Record Man did not know what a strategy was. He did not know how to plan or what to plan. He was an information gatherer and now he was being asked to become a leader of his people. He was overwhelmed by the enormity of what he was proposing. However Record Man knew his people well. The people who went on the long voyages during the whale season knew all about building strong boats, carrying supplies and navigating by the stars. They were led by the Fisherman. The Outsiders knew a little about the Digital Islands; where they were, their plants and weather, and which ones had safe harbours, treacherous mountains amd fresh water. The Women knew how to grow the crops, and the type of plants that provided shelter and clothing.

Record Man spoke to each of these people to see if they could help him. Some did not like the idea at all. They belonged to Paper Island as had their ancestors before them. This was their land. They did not want to move, and they did not want their children to move. They did not even want to discuss the likelihood of dying out by staying on Paper Island. They wanted to ignore the growing threats and continue to live life as they had for centuries. They did not want to change.

Record Man found he had to be very careful not to make enemies as he worked out how to create a strategy. He discovered that when he talked about his Vision of a new land where the people were safe and healthy again people listened to him. They wanted that too. He asked them how they thought it could happen and they freely gave their strategies. Some thought small family groups could move to nearby small Digital Islands, others thought everyone could move to the larger distant Digital Islands, and there were many other suggestions.

When he had gathered all the possible strategies Record Man went back to the Elders with the advisors he had consulted. He called these people his Steering Committee. Each of the strategies had different Risks and it took many days of respectful discussion to listen to all opinions and decide which strategy would be the safest, most successful and sustainable strategy for the Paper Island people. There would still be risks, but the Steering Committee were confident they could prepare a plan that would reduce the likliehood and consequence of the risks.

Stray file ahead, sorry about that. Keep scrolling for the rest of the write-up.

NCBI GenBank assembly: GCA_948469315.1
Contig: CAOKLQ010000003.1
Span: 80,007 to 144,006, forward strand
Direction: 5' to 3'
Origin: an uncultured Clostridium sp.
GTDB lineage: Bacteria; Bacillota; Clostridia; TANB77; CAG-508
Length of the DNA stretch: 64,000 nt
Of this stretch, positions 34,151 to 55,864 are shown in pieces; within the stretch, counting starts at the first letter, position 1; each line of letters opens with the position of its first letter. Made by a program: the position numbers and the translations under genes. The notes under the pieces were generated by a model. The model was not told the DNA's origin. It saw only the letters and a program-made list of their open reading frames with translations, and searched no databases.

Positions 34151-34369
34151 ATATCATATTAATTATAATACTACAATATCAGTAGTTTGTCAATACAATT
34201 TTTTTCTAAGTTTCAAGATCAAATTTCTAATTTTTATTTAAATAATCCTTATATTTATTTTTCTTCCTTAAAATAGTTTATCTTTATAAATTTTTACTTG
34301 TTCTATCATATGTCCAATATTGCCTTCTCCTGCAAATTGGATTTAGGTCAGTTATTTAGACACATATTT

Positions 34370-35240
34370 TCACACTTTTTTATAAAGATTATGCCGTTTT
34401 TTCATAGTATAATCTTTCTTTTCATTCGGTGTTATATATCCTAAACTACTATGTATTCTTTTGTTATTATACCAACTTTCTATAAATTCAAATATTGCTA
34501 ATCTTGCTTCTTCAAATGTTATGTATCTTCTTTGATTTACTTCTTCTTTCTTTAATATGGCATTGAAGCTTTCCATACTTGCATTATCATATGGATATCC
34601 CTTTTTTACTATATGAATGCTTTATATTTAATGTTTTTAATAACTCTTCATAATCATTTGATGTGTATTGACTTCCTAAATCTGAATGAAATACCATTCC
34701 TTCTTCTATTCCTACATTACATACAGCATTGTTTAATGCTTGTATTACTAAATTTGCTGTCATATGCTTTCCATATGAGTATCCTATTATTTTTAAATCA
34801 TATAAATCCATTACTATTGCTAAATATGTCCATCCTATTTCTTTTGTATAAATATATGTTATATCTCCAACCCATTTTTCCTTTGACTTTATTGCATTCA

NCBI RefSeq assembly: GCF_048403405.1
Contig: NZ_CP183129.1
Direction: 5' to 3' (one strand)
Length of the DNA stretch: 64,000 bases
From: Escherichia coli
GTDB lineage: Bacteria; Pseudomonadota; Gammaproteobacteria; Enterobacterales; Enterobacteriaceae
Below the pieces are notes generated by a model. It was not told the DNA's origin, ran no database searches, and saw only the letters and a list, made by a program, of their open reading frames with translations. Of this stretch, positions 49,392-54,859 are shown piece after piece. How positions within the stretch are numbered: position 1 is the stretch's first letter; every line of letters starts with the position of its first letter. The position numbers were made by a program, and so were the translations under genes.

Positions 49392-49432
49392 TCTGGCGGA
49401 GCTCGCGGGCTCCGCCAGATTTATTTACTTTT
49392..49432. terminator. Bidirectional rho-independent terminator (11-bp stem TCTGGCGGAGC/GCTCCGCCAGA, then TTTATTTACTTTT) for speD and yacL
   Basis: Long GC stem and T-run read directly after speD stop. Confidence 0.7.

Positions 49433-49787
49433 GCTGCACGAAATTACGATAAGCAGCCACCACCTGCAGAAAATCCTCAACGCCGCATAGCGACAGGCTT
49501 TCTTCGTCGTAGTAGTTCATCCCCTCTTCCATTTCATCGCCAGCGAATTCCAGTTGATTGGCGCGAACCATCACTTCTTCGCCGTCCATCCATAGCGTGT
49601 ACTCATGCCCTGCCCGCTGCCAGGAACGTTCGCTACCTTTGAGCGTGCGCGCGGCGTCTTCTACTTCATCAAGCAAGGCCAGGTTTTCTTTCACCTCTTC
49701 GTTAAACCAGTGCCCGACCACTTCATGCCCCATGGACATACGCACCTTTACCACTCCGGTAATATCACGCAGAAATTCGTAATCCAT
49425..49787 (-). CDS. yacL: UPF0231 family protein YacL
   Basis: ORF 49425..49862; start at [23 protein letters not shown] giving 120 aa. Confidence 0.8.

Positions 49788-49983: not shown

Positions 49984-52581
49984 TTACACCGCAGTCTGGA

The Vision and the Strategy told the people of Paper Islands what would be achieved and how it would be approached, but a Plan was still required. The plan would work out all the preparation that was required, how long that would take to achieve, who would be involved and the best alignment of the moon and stars on which to embark. There was a lot to think about and include in a plan, and it would need many people to share their knowledge. Once the plan was made everyone would need to be told, and they would have to all work hard together to make the move to the Digital Islands during the calm season. Record Man was excited about making the plan, but he knew he did not have the leadership or oratory skills to keep everyone working together.

Record Man spoke to the Chief. The Chief said, “This is a good strategy and my son shall be your leader. He will manage your project and help you make the plan. He is a man who thinks clearly and rationally, and can negotiate with all the people”.